Carry on and keep baking is my giddy aunt’s response to Covid. Her new pin up is the Reserve Bank Governor, Phillip Lowe – the quintessentially nice boy from next door. And he is, my aunt thinks, the perfect mandarin – measured in his comments. And the perfect afternoon tea guest. Who else could make economic contraction – recession – sound like an exciting new board game?
The RBA’s revised economic forecasts point to the biggest contraction in GDP growth since the 1930’s. With growth to fall by around 10%. But, in snakes and ladders, the Australian economy could rebound next year in a V shaped recovery. Restoring GDP growth to previous levels will take at least a couple of years. The IMF expects GDP forecast growth of around 6% for next year.
The biggest growth drag will be the unemployment rate. Initial Covid estimates had this at 15%, and legions of Australians painting kerbside rocks white – in Whitlamesque work for the dole schemes. But as restrictions begin to progressively loosen and are hopefully largely removed by year end, with the exception of international travel, Lowe thinks longer term unemployment will stabilise around 6%. Shorter term its much worse with the June figure expected to reach 10%.
A key determinant, however, is if small and medium businesses are able to retain their employees on shorter opening hours courtesy of the Federal Government’s 6-month income support.
Unemployment, or underemployment short term, may moderate as business gets back to normal. But it will still be ugly. And prompt possibly further business support measures from Government.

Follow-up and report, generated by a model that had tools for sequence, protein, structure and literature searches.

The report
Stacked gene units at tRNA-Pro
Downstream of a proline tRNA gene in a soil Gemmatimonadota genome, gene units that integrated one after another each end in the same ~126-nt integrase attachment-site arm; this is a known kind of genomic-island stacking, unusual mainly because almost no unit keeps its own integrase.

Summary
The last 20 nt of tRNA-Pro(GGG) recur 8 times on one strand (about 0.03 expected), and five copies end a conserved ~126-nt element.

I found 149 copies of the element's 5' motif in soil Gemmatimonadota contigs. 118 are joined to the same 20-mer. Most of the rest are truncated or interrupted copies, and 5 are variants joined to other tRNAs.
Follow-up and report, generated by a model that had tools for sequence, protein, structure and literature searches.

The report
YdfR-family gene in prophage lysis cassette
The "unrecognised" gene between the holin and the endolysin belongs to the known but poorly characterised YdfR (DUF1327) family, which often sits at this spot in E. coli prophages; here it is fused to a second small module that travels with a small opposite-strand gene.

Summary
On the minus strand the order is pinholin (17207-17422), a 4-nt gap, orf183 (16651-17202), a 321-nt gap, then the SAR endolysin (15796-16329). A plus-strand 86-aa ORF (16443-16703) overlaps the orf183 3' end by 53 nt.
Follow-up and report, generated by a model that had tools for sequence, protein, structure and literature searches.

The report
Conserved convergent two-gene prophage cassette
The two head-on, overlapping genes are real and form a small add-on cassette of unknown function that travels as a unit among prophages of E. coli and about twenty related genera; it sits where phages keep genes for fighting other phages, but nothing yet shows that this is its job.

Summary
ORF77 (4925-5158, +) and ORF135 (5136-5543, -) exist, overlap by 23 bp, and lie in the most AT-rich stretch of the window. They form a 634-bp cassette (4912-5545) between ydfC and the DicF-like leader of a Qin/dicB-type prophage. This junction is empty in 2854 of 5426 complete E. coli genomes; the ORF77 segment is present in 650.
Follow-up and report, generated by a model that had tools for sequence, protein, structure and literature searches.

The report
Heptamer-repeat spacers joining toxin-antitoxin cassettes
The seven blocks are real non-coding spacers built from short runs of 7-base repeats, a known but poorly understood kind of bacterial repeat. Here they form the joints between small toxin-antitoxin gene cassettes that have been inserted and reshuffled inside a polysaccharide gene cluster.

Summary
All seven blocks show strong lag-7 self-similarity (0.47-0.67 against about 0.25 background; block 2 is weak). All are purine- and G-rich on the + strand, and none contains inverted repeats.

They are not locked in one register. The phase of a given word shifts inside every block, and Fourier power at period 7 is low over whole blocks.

An economic inflation backflip, normally winning much applause, could be at least a couple of quarters of negative inflation rate. And for the first time since the 1960’s the RBA says the inflation index has fallen over a full year. Whether that means the things we don’t need get cheaper and things we do are priced checked in aisle 2, remains to be seen. Because despite this trend the bank says underlying inflation is expected to remain positive. The RBA is implying consumers cautiously return to spending later in the year.
All importantly, interest rates are not likely to move up anytime soon. The RBA is staggering its bond purchases three times a week, because of more settled financial conditions, and is buying less bonds.
Daily bond buybacks have scaled back to about $750 million. This suggests the RBA has more firepower to move if required because its total bond purchase program is smaller than projected.
For the equity market, post its recent two week rally, there is still as much uncertainty. The RBA’s best prognosis could be upset by external events such as falling commodity prices (think oil) producing unforeseen credit crunches. Thankfully for Federal Government revenues the iron ore price remains stubbornly high because of China’s demand.
But the index sitting around 5,300 points feels vulnerable. Much of the recent price action has been in a W shaped chart formation, which has got the index back at its early 2016 levels. And investors are nervous. Those that have needed to sell have been washed out of the market and others are sitting on cash waiting for the next leg down. It is very much a day by day proposition for the market. And sentiment is guided by which new capital raise is being put forward.
We are recommending a tread lightly strategy, looking for value in the major cap stocks when the market has its weaker days. The fact bank dividends are not off the cards, and subject to review by the individual bank boards, give us some hope there may be value start to emerge in this sector. But we are wary of a potential emerging bad debt cycle.
Our go to investment hymn is still the big three resource stocks, BHP, FMG and RIO, for exceptionally good dividend yields and potential capital growth.
And, as we bob about in the sea of uncertainty, I reckon we can take investment inspiration from Apple’s founder Steve Jobs, “You can’t connect the dots looking forward; you can only connect them looking backwards. So you have to trust that the dots will somehow connect in your future. You have to trust in something – your gut, destiny, life, karma, whatever. This approach has never let me down, and it has made all the difference in my life.”